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The tribes of Central Asia predate the formation of the Soviet Union. They exercised influence in the five Soviet Central Asian Republics throughout the duration of the U.S.S.R. From the rubble of the collapsed Soviet Union, the tribes emerged as the source of power and legitimacy in the newly independent republics of Central Asia, writes Joseph E Fallon..

After Islam, tribes form the primary basis of self-identification for the local population. The tribal system of Central Asia is vertical, and, therefore, fluid. It enables an individual to have four levels of identity. There is the tribe. Above the tribe is the tribal confederation. Below the tribes are the clans of which the tribe is composed. Finally, there is the region of the country, which is the "home" of the clan or tribe.

While kingdoms and empires rose to dominate Central Asia, only to vanish, some within a single generation, the tribes remained. They offered obeisance, often reluctantly, to these various states, then lived as they had for centuries according to their own laws, and customs. The emergence of "the state" transformed tribes into non-state actors living as veritable "states" within the state.

The armies of numerous empire builders have swept across Central Asia. Among the most famous were Genghis Khan, Tamerlane, and Stalin. Each defeated the tribes, but none conquered the tribes.

Each sought to integrate the tribes into their respective administrations of Central Asia. Stalin, in particular, utilized the system of "divide and rule". He fostered and exploited rivalries among the clans and tribes to successfully consolidate Moscow's control over the region.

Stalin had two objectives in Central Asia. First was the "collectivization" of the land and the "sedentarization" of the population. Second was the replacement of the clans and tribes with Soviet designated nations -- Kazakh, Kyrgyz, Tajik, Turkmen, and Uzbek. These nations would eliminate tribal culture, as well as tribal identity, by having Soviet republics that would be "national in form, socialist in content".

Ironically, by pitting clan against clan and tribe against tribe to maintain Moscow's control over the region, Stalin preserved tribal identity and prevented the emergence of the national identity he sought. This contradictory policy was continued by his successors.

In the 1980s, famed, French, Sovietologist, Alexandre Bennigsen noted" three levels of self-identity existed in Soviet Central Asia: tribal, religious and national with the last being the weakest."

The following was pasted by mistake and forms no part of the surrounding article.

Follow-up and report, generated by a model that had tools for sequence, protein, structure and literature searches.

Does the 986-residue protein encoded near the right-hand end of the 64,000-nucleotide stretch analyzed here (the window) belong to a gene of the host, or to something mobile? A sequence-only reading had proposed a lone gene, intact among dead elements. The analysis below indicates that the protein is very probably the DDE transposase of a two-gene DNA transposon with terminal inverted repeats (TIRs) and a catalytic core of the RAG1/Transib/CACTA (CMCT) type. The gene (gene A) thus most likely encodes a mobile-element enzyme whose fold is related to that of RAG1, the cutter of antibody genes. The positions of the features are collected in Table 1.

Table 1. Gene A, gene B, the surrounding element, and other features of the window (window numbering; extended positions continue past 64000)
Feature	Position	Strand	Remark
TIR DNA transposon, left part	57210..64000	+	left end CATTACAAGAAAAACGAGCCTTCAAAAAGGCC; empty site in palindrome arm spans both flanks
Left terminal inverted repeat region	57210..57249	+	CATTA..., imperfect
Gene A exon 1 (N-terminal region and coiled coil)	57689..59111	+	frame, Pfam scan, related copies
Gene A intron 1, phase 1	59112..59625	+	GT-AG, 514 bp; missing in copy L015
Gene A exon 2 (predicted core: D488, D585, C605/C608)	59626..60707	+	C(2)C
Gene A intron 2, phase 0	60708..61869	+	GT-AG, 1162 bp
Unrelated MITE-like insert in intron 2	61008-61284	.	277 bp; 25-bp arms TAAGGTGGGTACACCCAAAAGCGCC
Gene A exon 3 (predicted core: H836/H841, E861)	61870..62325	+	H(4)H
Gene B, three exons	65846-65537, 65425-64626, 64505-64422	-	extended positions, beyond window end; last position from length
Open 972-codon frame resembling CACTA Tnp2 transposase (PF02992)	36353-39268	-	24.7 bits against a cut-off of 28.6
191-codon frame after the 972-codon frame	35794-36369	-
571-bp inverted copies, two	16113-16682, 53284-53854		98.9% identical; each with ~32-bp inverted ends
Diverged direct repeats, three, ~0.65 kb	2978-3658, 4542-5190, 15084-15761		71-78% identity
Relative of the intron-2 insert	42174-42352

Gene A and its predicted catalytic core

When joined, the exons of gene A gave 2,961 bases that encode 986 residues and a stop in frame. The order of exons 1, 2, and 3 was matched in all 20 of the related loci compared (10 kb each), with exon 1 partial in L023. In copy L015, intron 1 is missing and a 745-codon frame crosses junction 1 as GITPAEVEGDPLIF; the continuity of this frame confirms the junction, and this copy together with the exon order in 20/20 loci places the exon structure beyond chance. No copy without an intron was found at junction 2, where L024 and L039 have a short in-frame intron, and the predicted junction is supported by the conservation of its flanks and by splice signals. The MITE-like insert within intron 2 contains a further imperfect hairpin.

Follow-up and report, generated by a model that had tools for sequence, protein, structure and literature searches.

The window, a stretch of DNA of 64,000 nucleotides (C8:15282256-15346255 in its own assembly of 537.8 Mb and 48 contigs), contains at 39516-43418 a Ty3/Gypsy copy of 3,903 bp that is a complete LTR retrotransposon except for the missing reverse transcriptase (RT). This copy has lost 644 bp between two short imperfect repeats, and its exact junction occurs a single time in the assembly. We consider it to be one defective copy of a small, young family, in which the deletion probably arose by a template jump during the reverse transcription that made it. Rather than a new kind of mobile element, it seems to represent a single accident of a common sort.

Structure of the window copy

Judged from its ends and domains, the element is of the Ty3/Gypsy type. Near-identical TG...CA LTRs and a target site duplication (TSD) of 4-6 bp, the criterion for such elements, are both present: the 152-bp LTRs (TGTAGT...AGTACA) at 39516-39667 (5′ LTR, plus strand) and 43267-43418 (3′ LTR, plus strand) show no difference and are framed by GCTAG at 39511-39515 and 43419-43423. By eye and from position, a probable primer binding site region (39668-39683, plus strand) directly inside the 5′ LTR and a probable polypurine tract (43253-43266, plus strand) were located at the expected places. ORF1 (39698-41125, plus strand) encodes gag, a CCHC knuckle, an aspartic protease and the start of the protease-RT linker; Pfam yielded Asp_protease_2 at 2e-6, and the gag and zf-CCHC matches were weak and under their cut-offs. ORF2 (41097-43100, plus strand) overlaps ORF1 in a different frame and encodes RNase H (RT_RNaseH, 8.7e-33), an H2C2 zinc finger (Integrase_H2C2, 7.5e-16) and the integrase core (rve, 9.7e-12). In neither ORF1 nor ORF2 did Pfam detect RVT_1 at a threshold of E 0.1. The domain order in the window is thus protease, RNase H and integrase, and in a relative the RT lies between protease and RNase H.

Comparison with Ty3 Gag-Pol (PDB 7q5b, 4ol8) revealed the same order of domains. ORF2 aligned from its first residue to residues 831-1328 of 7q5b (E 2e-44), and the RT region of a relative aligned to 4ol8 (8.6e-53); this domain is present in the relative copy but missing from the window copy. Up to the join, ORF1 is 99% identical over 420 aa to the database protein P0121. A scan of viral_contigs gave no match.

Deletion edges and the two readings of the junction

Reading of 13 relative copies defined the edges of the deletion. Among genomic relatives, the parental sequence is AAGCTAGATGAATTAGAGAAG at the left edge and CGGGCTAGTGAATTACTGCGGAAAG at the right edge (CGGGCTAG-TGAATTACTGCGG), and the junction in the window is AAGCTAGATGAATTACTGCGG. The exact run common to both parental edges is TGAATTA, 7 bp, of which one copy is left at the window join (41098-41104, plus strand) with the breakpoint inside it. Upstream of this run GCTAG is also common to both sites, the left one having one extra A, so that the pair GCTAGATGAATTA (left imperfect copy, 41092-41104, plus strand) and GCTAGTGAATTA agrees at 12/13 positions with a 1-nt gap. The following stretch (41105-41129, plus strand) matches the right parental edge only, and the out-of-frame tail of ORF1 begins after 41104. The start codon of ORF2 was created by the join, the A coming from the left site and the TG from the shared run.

At the same time, the tribes of Central Asia exploited the Soviet system and fostered rivalries among Moscow officials to advance their interests. This was achieved most notably in Uzbekistan.

The U.S. Library of Congress noted; "As Uzbeks were beginning to gain leading positions in society, they also were establishing or reviving unofficial networks based on regional and clan loyalties...An extreme example of this phenomenon occurred under the leadership of Sharaf Rashidov, who was first secretary of the Communist Party of Uzbekistan from 1959 to 1982. During his tenure, Rashidov brought numerous relatives and associates from his native region into government and party leadership positions...In this way, Rashidov was able to initiate efforts to make Uzbekistan less subservient to Moscow. As became apparent after his death, Rashidov's strategy had been to remain a loyal ally of Leonid I. Brezhnev, leader of the Soviet Union from 1964 to 1982, by bribing high officials of the central government." . Among those Moscow officials was Brezhnev's son-in-law. He was arrested -- after Brezhnev died -- and found guilty of accepting a million dollars in bribes.

In the end, the Soviet Union collapsed. But what emerged as its political successors in Central Asia were not the Soviet engineered "nations", but the historic clans and tribes.

Professor Francesc Serra Massansalvador wrote in his 2010 work, "The Process of Nation Building in Central Asia and its Relationship to Russia's Regional Influence":

"The concept of nation as usually defined is barely relevant to the reality of Central Asia in 1991...The former Soviet space, and most notably Central Asia, has witnessed the beginning of a process of nation building, which had already occurred in many other parts of the world in the past two centuries. The interest in the process of this region lies in the fact that it happened relatively late, without a previously defined strategy coming from the political and intellectual elites and under adverse conditions (economic crisis, lack of popular enthusiasm or external support). Moreover, in Central Asia there is a lack of nationalist traditions not only in the classical sense which we give to the term in Europe, but also as an identification with any established national group...."